Last month, when I found myself in need of a second phone for the sake of my own sanity, I dreaded buying another iPhone. My opinion from my column “iThink we’ve hit a wall” still stood. There was no way I was paying anywhere from $500-$1,100 for the same old, same old.
What I wanted was a foldable phone. Something that could either expand to a large canvas so I could get things done or shrink away so I could almost lose it in my pocket. But paying upwards of $1,000 for the burgeoning Samsung Galaxy Z class of smart phones was a tough pill to swallow.
That is until I caught a glimpse of the plentiful used market. I was incredibly skeptical going down this path because durability is still a big question mark. But at such an enticing price — a less than one-year-old Galaxy Z Flip 3 for $250, which is one fourth of its original cost — and considering the fact that 64% of our readership surveyed said they wouldn’t own a folding phone, I was willing to test the waters so you didn’t have to.
The main question I got asked during my first month of ownership — right after, “Can I flip it?” — was about its durability. I was worried about a loose or grinding hinge, bubbles in the display crease, scratches on the inside display’s ultra thin glass and any other unthinkable problem that could come from what I thought was such a fragile mechanism.
I’m happy to report that this feels just like new. Samsung confirmed the age of my Flip, and between my 550 flips within my month of ownership, which I can only assume would be higher if this were my primary phone, and the other 11 months of use before myself, I’m shocked and thrilled with the condition.
The next most common ask was about its usefulness. This has a bit more of a complicated answer. Half of the Flip’s usefulness to me is the size it reduces to in a pocket. The other half gets me in glanceability or tripoding. Being its own stand lets me keep apps open that auto refresh so I can always see new stuff and act on it quickly.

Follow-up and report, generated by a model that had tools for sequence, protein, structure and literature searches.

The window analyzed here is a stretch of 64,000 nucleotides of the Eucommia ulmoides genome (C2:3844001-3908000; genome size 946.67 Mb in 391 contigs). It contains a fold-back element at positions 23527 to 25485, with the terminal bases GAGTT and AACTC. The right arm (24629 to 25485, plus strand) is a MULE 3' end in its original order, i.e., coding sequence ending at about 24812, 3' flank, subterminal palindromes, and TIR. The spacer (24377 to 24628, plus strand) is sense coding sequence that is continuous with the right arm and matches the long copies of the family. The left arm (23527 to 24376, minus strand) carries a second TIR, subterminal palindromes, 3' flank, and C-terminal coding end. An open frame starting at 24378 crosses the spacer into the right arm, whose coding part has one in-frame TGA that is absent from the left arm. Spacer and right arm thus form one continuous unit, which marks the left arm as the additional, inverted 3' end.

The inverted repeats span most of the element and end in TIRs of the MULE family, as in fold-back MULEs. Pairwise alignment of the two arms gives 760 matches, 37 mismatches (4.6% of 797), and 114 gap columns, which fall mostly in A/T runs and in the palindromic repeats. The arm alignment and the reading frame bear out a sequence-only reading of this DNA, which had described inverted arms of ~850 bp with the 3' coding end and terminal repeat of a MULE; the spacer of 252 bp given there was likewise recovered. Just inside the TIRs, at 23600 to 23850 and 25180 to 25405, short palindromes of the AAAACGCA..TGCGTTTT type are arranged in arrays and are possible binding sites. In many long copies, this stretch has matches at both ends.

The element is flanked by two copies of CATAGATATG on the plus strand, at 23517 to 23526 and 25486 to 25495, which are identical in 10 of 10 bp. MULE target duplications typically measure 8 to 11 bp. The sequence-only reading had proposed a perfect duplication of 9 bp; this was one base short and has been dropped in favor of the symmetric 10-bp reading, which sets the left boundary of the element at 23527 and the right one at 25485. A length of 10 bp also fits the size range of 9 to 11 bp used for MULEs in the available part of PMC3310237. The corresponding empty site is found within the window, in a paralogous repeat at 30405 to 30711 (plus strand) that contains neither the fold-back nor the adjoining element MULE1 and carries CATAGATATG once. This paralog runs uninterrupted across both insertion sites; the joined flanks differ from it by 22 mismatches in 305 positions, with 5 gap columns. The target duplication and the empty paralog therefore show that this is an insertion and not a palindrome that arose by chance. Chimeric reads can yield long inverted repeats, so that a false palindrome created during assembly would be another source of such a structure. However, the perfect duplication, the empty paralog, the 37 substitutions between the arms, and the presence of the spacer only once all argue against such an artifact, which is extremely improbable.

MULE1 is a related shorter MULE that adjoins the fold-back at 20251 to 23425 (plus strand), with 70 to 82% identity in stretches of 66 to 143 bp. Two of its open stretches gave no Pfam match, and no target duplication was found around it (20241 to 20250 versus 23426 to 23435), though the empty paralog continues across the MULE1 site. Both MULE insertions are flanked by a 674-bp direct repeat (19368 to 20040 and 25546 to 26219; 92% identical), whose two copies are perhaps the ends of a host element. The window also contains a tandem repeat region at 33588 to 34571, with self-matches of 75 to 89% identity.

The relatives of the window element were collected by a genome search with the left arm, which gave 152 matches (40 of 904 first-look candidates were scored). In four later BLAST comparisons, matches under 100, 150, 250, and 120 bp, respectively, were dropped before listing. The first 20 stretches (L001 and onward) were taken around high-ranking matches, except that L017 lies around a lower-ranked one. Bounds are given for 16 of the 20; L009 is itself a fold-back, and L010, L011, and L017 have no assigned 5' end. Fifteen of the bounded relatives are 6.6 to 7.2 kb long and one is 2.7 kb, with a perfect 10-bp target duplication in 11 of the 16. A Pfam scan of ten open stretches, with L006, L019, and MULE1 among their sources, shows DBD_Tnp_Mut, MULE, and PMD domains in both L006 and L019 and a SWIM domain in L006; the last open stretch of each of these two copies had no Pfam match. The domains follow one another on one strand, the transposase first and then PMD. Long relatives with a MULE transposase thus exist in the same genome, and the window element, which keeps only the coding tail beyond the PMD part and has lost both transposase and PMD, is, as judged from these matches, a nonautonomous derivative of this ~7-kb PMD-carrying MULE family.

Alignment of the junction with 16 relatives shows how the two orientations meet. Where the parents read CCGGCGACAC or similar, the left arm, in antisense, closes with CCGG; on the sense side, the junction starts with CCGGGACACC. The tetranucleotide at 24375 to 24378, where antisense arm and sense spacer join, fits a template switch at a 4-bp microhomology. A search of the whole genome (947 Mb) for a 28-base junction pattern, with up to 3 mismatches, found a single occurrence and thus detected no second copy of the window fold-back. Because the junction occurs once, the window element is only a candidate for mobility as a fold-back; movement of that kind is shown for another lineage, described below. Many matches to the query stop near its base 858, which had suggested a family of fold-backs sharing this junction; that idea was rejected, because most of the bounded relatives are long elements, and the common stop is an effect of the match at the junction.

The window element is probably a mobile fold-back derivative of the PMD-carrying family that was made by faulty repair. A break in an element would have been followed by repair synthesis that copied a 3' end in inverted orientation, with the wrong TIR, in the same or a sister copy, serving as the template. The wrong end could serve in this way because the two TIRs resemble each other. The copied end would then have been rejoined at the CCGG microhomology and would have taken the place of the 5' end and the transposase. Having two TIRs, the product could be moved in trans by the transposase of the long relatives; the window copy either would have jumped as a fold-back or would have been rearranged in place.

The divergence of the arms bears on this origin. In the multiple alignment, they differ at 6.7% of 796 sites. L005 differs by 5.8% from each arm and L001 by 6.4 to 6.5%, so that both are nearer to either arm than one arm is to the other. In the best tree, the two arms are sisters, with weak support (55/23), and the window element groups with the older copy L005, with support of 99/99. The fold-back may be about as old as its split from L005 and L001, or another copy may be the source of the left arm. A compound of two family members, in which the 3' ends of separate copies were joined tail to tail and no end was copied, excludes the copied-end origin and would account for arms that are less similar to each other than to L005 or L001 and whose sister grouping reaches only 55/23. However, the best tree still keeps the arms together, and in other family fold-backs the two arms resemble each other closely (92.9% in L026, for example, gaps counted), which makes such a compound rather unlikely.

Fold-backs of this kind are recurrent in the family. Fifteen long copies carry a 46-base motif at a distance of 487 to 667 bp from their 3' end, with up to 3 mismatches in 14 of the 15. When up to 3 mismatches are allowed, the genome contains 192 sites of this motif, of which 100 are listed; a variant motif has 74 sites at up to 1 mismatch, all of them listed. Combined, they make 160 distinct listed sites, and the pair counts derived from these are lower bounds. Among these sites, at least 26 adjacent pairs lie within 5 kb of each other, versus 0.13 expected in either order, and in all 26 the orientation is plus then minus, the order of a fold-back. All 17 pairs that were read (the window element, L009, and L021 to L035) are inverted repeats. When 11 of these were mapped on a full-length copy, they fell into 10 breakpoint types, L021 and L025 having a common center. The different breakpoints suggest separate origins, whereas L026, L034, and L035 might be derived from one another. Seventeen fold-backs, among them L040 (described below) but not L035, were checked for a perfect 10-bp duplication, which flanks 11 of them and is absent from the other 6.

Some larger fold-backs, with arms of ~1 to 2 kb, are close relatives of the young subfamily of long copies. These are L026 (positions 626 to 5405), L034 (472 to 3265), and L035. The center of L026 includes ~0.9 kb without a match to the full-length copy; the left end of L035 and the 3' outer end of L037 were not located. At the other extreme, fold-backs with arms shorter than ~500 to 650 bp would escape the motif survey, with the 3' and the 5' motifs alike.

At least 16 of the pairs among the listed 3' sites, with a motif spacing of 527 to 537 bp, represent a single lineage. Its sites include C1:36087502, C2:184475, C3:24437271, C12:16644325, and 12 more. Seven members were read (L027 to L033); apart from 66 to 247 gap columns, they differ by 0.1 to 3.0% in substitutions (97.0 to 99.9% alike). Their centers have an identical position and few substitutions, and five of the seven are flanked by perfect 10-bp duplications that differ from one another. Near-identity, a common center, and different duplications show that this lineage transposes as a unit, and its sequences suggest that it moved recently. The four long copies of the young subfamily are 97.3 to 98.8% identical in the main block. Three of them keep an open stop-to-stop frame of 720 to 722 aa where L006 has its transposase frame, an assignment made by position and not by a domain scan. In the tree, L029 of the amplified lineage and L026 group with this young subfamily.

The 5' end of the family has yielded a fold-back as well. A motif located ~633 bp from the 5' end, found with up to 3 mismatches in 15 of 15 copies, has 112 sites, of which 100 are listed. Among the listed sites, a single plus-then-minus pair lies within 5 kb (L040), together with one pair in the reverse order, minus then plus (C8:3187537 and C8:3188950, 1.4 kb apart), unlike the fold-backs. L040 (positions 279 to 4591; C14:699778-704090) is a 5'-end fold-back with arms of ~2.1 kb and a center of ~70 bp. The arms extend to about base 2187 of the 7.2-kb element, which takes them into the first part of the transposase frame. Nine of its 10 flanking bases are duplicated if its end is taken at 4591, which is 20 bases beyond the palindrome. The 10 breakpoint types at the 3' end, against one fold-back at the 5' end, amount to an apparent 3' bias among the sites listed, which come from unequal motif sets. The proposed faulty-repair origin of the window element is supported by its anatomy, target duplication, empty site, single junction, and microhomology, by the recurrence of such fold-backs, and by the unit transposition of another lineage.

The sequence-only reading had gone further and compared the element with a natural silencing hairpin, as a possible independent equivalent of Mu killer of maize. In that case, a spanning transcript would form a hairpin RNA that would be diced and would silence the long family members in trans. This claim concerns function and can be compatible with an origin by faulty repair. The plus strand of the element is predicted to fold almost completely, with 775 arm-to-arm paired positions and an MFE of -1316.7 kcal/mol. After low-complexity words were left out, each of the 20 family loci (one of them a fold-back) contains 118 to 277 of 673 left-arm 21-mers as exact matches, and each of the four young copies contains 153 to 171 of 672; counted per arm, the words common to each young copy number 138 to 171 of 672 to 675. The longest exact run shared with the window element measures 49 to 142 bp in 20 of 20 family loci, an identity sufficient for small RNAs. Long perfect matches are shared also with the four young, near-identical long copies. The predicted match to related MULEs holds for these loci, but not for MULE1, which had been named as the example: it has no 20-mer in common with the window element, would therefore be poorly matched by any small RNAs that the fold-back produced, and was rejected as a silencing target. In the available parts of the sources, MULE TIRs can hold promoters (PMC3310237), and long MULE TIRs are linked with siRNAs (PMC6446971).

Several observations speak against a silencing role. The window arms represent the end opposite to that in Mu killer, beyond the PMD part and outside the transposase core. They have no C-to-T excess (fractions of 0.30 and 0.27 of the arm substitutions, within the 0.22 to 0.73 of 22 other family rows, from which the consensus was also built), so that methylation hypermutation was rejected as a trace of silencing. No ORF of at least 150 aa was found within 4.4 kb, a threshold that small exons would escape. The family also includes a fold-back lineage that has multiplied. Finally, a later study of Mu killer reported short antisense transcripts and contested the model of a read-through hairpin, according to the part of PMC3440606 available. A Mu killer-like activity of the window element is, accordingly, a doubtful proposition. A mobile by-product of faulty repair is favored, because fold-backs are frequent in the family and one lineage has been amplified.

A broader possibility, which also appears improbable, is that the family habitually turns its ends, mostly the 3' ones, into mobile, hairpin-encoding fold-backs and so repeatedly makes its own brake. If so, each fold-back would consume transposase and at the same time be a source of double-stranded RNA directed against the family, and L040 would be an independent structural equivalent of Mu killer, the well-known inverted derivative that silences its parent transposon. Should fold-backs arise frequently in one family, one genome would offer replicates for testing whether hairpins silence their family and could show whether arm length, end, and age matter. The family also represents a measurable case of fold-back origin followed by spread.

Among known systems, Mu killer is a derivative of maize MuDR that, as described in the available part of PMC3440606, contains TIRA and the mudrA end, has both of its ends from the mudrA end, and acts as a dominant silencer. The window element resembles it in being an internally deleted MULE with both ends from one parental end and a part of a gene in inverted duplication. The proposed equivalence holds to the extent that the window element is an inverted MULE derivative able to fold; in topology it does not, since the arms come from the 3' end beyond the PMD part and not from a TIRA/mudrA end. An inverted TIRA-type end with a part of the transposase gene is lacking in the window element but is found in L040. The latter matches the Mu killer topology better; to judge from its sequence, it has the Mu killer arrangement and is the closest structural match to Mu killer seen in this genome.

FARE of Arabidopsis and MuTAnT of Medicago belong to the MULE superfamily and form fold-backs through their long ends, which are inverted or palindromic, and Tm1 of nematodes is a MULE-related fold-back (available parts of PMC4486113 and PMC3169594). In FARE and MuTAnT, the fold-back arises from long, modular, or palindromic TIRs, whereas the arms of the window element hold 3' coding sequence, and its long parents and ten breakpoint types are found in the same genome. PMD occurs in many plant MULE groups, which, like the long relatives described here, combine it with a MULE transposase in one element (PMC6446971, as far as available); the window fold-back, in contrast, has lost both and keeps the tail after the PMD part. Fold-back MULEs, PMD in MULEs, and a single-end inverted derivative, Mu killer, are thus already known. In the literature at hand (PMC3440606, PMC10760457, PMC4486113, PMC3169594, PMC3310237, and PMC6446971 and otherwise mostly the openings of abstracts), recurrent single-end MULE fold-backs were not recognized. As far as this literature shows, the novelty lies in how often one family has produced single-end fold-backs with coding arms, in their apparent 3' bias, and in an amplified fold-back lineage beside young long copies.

I also love taking video calls on it. I don’t have to hold it up, find something to prop it on or compromise with a landscape call to take advantage of a Popsocket stand. Samsung also added some nifty tricks into the OS to make the 90-degree mode more useful too.
It also just handles everyday phone stuff really well. The screen is vivid with a high refresh rate, and it’s just big enough to still manage with one hand. The battery is shockingly good for its unique design, lasting me two days with moderate usage. Phone calls were crystal clear, blowing my iPhone out of the water on the same network. The fingerprint reader was blazing fast, and I was happy they took a page out of Apple’s book and added a “raise to wake” feature.
The only downfalls came from Android and the cameras, unfortunately. The OS really feels like it’s holding the phone back. There were so many quirks, like eSIM not working with my carrier due to what I was told was a fault with Android that would be fixed in an update on a date that came and went with nothing.
My notifications just disappeared when I tapped on them instead of opening the app or showing me the content. The OS switched between being too aggressive with background task management so that I didn’t get notifications, or not doing enough about a background task so that it killed my battery while cooking the phone.
These cameras, while serviceable, are just not as good as other flagships. Photos look over processed and too colorful to the point of appearing animated at times, and detail quickly disappears in low lighting. However, being able to use the rear shooters as a selfie camera, courtesy of the cover display, and the wide-angle option for the true front facing shooter are nice additions that help bridge the faults.
This experiment was eye opening. As a devout Apple user, it feels weird to say how much I ended up loving it. If the Z series of phone somehow ran iOS, I’d use a foldable for everything. For now, I’m more than happy to keep it as a work phone, and I can honestly recommend anyone looking for a budget Android phone, or some variety from the same Apple slabs, to give a foldable phone a chance.